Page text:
Damian Bennett started releasing music under the name CARTHAGE back in the 1990s. At that point Bennett, later founder of various projects including Cortex, Deathless, Khost, was collaborating with Techno Animal.
At the same time, as Damian stresses, Carthage has always existed for him in one form or another, while such projects as Khost are ongoing. “CARTHAGE has been something that just appears when the time is right. Like a phone ringing somewhere.”
Talking about the project now, Bennett stresses that there’s no one formula with CARTHAGE. A good example would be Tinseltown – a combination of growing pressure and The Birthday Party’s violent radicalism.
“The opening is meant to represent a large steel door/roller-door on a warehouse opening up. In it we maybe find a large metal fusebox fixed to the wall and push big… So it’s a potentially hazardous action, and we don’t know if we should be there in the first place. That uncertainty of tone, the taking over of the space, that is part of the song, to look for a way to destroy parts of the past”
My analogy with The Birthday Party sounds perfect to Bennett, who recalls Junkyard-era saying: “I imagined them in a warehouse, with a bonfire for warmth and light and that was what I was trying to channel.” Nothing unusual and relatively simple punk-type-of-attitude. Basic drum kit, bass amp, metallic-type-of-electronics – all set up together recording a session for all night. “If I really had a band like that I would die happy,” comments Damian.
His inspirations are specific. Bennett recalls seeing The Cure at the beginning of 80’s during the Faith-tour: “I wanted to delve into that discrete, simple plane of the three-piece Cure, including their film Carnage Visors….”. One of the most depressive and emotional eras of The Cure, also has its fingerprints on Bennett’s work.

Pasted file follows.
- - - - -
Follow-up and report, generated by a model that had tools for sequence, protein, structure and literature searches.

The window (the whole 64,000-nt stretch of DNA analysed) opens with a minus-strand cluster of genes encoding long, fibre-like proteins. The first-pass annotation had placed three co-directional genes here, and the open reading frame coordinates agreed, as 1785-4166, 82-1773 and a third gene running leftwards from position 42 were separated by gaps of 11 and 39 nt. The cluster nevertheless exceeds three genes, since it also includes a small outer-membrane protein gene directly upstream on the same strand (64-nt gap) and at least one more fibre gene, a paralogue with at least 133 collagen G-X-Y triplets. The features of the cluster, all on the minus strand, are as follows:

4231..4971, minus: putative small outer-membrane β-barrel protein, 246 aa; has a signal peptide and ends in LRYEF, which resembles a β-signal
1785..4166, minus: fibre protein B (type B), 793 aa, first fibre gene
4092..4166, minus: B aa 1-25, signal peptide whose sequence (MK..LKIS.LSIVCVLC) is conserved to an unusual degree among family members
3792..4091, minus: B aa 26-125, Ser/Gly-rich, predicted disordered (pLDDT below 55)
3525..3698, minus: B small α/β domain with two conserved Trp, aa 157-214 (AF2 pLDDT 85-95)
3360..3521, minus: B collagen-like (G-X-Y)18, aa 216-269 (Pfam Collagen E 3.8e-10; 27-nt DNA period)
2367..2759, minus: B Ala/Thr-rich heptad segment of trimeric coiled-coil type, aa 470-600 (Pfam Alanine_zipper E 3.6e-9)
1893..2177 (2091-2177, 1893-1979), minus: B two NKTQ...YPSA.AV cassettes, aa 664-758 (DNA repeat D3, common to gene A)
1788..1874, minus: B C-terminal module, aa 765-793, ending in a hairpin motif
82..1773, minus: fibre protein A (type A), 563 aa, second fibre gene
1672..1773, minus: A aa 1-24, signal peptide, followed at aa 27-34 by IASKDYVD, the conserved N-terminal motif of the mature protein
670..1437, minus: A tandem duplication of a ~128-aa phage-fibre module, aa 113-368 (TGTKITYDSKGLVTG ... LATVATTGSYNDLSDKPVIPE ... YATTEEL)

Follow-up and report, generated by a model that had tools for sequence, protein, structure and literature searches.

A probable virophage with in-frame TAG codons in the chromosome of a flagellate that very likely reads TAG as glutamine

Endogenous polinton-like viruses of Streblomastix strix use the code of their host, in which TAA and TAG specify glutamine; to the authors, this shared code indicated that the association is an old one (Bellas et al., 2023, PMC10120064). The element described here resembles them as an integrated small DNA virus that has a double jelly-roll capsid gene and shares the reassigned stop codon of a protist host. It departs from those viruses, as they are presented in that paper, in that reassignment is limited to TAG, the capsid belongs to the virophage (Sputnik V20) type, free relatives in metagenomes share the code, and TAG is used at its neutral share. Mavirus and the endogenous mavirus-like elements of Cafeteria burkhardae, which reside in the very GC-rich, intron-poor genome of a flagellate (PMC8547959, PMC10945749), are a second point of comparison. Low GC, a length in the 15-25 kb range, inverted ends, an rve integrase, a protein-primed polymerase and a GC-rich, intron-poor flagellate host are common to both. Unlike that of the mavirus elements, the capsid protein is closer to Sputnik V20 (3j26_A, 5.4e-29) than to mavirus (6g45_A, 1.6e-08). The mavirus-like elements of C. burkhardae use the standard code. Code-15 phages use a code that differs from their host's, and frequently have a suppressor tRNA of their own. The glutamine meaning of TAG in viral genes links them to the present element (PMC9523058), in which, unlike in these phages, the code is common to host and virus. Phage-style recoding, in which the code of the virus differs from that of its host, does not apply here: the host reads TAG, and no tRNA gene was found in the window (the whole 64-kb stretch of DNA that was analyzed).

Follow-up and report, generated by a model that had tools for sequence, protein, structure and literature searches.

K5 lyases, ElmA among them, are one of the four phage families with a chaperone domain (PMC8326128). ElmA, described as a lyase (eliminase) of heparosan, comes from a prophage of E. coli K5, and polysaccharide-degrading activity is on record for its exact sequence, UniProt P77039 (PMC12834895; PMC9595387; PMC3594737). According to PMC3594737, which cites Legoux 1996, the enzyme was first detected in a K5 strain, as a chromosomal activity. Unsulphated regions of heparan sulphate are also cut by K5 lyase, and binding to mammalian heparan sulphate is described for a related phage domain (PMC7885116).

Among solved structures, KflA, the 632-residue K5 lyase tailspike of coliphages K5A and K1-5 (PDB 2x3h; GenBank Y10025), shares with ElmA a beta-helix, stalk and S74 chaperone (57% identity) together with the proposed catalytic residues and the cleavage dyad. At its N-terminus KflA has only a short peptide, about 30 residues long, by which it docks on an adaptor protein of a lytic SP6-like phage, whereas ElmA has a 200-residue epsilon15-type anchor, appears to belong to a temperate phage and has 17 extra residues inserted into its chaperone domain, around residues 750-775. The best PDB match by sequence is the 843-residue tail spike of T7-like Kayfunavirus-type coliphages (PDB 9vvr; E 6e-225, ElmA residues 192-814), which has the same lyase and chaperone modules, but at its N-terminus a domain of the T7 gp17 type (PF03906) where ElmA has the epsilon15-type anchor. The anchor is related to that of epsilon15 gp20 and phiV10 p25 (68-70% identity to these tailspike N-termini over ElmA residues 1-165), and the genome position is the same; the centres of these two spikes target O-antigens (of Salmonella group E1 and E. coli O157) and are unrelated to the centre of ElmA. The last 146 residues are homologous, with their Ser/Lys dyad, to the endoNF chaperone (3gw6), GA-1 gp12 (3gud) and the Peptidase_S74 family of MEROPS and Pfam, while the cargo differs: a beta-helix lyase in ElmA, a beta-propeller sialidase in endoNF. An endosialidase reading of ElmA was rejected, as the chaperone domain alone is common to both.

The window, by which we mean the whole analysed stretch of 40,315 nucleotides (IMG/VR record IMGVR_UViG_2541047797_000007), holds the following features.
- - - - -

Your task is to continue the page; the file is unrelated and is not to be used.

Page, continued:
CARTHAGE creates the feeling of the conceptuality incorporating random recordings. These little details are constantly pushing your curiosity and questioning: Why put the sounds of railway here? Why use these sounds on the background of the recording?
“I think of them in almost a photographic sense,” says Damian. According to him, the photographic sense of Midnight White arose from Bennett’s artistic desire to capture the things on the background, almost out of the focus and “…Maybe not as prioritized – unlike the “main event” like building or a person”.
Bennett’s analogy is a bit different from mine. But definitely important: “Travelling on the motorway, I am always glancing at one side and looking at small roads off to the side or service entries and exits for motorway maintenance,” he laughs. His love of ambient sounds is indisputable. But what usually happens as random accidents – over jams and tuning – for most of musicians sounds like a reality Bennett is living in. Like a Dadaistic-sort of magnet for random sounds.
Sounds of weather changes on Filthy Consumption, recordings made on the streets on Cold Velocity, wind, constantly opening the doors, voices on Next To You. Or interacting vocal parts on Arclight. Bennett stresses that all the sounds he’s used are natural: “Paris metro trains from a tape of mine many decades ago, incidental small sounds… and they made their way into the album over the course of months.”
I start to understand Damian Bennett after the man behind CARTHAGE draws the parallel with Taxi Driver: even in tense\worrying scenes you still have either kids, playing on the background, sounds of noise or traffic jams. “They offset the drama” says Damien. “The trick” Scorsese used in order to expand the space of the image also works with CARTHAGE and Damian, who’s not afraid to get into something more-or-less structural like Bride In White.
For Bennett, it was not the first time to work with Justin Broadrick. Previously, Damian performed with Techno Animal, as their live bass player as well as recording some projects at Avalanche Studios. Damian recalls the work on Bride in White:
“Justin [Broadrick] added a layer of guitar: one day, there it was and then I couldn’t hear the song any other way, than with this guitar. As the guitar tails out, I feel like it’s a small entity slowly travelling off into space.”
Space is the first word that comes to mind thinking about Midnight White. Definitely, a complex record in various forms.
Photo credits: Damian Barnett’s archive.
Midnight White is out now via AVALANCHE RECORDS.
Article by Dan Volohov. Find his author’s archive here